What to Do If the Government Wants Your Pandemic Money Back

Not Having a Withdrawal Plan


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Not Having a Withdrawal Plan

Benefits Boondoggle

The COVID-19 pandemic unleashed a wave of life changing consequences including triggering job losses for millions of people overnight. Individuals and families across America lost their income, and in order to survive, many signed up for Pandemic Unemployment Assistance (PUA). Toward the end of 2020, however, it became clear that states mistakenly made payments to some workers who didn’t qualify or overpaid others. Hundreds of thousands of letters were promptly dispatched letting recipients know they would need to return the cash, causing immense anxiety for those who’d already spent the money on rent, bills, and more. The CARES Act allows states to waive reclaiming PUA overpayments in certain cases, but does not require it. Meaning, some people could still be on the hook for thousands of dollars depending on how states choose to proceed. Here’s a look at what to do if the government has contacted you asking for money back.

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Try to Figure Out Who Is at Fault

If you’ve received a letter demanding repayment of Pandemic Unemployment Assistance benefits, one of the first steps is reviewing your initial application to determine whether all information submitted was accurate. “You must find out whose fault it was for the overpayment. Did the state do it? Or did you complete the application incorrectly?” says Juan Carlos Cruz, founder of New York-based Britewater Financial Group. “You must find out in order to know what’s at stake and how likely it is that you will have to repay the money.” If it’s the state’s fault, they may be able to waive repayment or forgive it based on their error, particularly if you can prove the money was used to pay for living essentials.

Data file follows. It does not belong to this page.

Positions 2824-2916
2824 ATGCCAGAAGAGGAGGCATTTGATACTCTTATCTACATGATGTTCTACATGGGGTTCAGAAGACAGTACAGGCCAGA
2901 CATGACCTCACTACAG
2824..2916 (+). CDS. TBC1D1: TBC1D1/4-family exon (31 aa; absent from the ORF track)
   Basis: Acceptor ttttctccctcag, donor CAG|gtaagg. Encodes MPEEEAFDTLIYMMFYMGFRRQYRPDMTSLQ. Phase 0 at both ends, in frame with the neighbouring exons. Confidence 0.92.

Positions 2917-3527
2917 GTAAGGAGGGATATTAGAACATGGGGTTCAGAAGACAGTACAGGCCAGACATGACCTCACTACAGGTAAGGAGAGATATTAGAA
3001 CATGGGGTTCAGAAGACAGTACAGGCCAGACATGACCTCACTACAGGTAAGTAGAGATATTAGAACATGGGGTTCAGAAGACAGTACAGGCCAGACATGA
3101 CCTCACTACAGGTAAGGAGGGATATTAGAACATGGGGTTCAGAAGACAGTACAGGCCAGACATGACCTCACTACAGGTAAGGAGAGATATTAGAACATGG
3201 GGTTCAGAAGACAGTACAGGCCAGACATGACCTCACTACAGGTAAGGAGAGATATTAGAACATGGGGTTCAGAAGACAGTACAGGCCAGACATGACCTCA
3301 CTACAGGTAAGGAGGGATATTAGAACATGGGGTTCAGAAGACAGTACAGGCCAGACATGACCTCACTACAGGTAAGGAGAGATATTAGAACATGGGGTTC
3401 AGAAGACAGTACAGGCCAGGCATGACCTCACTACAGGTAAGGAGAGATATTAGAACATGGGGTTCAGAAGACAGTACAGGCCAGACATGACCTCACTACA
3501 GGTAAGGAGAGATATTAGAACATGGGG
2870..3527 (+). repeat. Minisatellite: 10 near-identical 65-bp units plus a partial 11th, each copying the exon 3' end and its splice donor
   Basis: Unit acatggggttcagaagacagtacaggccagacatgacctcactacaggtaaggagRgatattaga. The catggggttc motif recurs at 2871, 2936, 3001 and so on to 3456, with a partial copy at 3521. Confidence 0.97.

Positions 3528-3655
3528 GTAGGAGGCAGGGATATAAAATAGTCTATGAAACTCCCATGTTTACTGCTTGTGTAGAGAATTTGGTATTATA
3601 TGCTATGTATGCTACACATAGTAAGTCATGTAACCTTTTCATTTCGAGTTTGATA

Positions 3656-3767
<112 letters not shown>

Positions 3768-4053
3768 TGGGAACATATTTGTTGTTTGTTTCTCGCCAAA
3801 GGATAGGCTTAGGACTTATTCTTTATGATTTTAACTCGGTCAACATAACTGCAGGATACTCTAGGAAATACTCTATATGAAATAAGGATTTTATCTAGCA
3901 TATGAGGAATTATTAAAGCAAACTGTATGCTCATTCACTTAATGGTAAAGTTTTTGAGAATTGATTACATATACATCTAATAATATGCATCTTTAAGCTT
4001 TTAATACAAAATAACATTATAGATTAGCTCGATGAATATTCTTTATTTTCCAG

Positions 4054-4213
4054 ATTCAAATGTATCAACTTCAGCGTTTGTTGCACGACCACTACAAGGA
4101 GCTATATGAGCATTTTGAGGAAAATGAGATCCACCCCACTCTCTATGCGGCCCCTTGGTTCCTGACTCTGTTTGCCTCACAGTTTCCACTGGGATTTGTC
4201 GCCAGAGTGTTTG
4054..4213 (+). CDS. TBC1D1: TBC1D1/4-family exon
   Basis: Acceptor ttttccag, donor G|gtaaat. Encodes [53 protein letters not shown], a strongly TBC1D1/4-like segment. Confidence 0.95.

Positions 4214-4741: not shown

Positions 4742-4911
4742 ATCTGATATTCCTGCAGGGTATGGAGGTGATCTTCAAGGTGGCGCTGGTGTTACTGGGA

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Appeal Your Case

If you believe you were rightfully entitled to all benefits received and an error has in fact been made in requesting the money back, consider appealing your case, says Cruz. You may even want to find a professional who can help with this process. “Seek out legal services or an attorney who has unemployment compensation expertise in your state,” says Cruz. “You may qualify for free or low-cost assistance from a local legal services agency. The legal services can help prove that paying the money back would cause hardship for you and your family.”

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Start an Emergency Fund

Understand What the Law Allows

The latest language in the CARES stimulus act grants states the authority to decide that claimants don’t have to return overpayments made in error, says Cruz. “In order to qualify, you must have completed your application correctly, and there must not have been fraud on your application,” says Cruz. “The overpayment must have been an error made by the state’s unemployment office. Also, the state must determine that the repayment of funds would cause further financial hardship.”

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Tip: Check Your File

Gather Documentation Supporting a Hardship Claim

If you choose to appeal a repayment demand based on hardship, make sure you have evidence to support your case. “This may require submitting weekly unemployment benefits payments, along with proof of all current bills and expenses you pay every month including, rent, car, food, utilities, and credit cards,” says Cruz. You may also need to provide bank statements showing how the money was spent. “All of these documents can help build a case and prove how the money was used and how the repayment would cause further hardship for you,” adds Cruz.

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Son reviewing paperwork with elderly father
Eva Katalin Kondoros/istockphoto

Do Not Ignore Repayment Requests

Though you may want to close your eyes and hope the entire dreadful situation magically goes away, pretending you didn’t receive the repayment demand is definitely not a good idea. “You should not ignore these letters and assume that the state will forgive this error no matter who is at fault,” says Cruz.